The House of Capet or the Direct Capetians called the House of France, or the Capets, ruled the Kingdom of France from 987 to 1328. It was the most senior line of the Capetian dynasty – itself a derivative dynasty from the Robertians. Historians in the 19th century came to apply the name "Capetian" to both the ruling house of France and to the wider-spread male-line descendants of Hugh Capet. Contemporaries did not use the name "Capetian"; the Capets were sometimes called "the third race of kings". The name "Capet" derives from the nickname given to Hugh, the first Capetian King, who became known as Hugh Capet; the direct line of the House of Capet came to an end in 1328, when the three sons of Philip IV all failed to produce surviving male heirs to the French throne. With the death of Charles IV, the throne passed to the House of Valois, descended from a younger brother of Philip IV. Royal power would pass to another Capetian branch, the House of Bourbon, descended from the youngest son of Louis IX, to a Bourbon cadet branch, the House of Orléans, always remaining in the hands of agnatic descendants of Hugh Capet.
The first Capetian monarch was Hugh Capet, a Frankish nobleman from the Île-de-France, following the death of Louis V of France – the last Carolingian King – secured the throne of France by election. He proceeded to make it hereditary in his family, by securing the election and coronation of his son, Robert II, as co-King; the throne thus passed securely to Robert on his father's death, who followed the same custom – as did many of his early successors. The Capetian Kings were weak rulers of the Kingdom – they directly ruled only small holdings in the Île-de-France and the Orléanais, all of which were plagued with disorder; the House of Capet was, fortunate enough to have the support of the Church, – with the exception of Philip I, Louis IX and the short-lived John the Posthumous – were able to avoid the problems of underaged kingship. Under Louis VII'the Young', the House of Capet rose in their power in France – Louis married Aliénor, the heiress of the Duchy of Aquitaine, so became Duke – an advantage, eagerly grasped by Louis VI'the Fat', Louis the Young's father, when Aliénor's father had asked of the King in his Will to secure a good marriage for the young Duchess.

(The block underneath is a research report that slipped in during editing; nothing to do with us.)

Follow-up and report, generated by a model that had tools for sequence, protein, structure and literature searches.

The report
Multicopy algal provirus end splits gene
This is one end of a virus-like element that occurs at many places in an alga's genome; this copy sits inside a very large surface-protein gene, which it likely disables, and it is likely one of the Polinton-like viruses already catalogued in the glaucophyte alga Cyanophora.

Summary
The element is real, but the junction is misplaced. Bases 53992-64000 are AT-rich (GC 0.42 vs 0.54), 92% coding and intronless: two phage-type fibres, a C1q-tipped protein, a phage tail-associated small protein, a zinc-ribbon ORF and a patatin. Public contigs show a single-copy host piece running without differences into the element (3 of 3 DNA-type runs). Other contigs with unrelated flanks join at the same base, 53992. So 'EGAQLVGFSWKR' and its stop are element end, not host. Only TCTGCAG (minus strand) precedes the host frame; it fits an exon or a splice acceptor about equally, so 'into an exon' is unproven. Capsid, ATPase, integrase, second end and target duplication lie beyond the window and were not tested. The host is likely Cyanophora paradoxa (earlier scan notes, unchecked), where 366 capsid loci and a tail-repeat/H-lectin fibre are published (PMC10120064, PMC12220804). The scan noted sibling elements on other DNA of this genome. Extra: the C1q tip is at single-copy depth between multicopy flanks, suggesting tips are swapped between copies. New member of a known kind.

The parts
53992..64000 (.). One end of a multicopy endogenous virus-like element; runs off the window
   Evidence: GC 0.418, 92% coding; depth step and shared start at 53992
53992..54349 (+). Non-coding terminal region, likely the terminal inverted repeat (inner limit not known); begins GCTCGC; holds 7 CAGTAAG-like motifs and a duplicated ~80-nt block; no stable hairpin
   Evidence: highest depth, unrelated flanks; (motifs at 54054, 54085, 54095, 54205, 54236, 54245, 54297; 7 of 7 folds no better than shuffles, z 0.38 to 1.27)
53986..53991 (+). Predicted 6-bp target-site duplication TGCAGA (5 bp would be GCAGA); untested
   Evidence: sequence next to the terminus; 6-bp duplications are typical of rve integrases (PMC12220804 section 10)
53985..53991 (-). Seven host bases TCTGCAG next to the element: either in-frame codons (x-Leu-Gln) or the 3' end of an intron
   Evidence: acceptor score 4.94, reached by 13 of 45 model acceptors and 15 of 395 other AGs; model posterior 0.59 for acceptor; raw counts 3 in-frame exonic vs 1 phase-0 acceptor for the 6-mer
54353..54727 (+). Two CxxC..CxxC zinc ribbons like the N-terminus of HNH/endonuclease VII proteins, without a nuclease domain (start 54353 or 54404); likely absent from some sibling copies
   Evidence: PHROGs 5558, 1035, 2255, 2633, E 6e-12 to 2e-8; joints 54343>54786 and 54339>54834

However, the marriage – and thus one avenue of Capetian aggrandisement – failed: the couple produced only two daughters, suffered marital discord. Louis VIII – the eldest son and heir of Philip Augustus – married Blanche of Castile, a granddaughter of Aliénor of Aquitaine and Henry II of England. In her name, he claimed the crown of England, invading at the invitation of the English Barons, being acclaimed – though, it would be stressed, not crowned – as King of England. However, the Capetians failed to establish themselves in England – Louis was forced to sign the Treaty of Lambeth, which decreed that he had never been King of England, the Prince reluctantly returned to his wife and father in France. More for his dynasty, he would during his brief reign conquer Poitou, some of the lands of the Pays d'Oc, declared forfeit from their former owners by the Pope as part of the Albigensian Crusade; these lands were added to the French crown. Louis IX – Saint Louis – succeeded Louis VIII as a child.
She had been chosen by her grandmother, Aliénor, to marry the French heir, considered a more suitable a Queen of the Franks than her sister Urraca. Louis, proved a acclaimed King – though he expended much money and effort on the Crusades, only for it to go to waste, as a King of the Franks he was admired for his austerity, bravery and his devotion to France. Dynastically, he established two notable Capetian Houses: the House of Anjou, the House of Bourbon. At the death of Louis IX (who shortly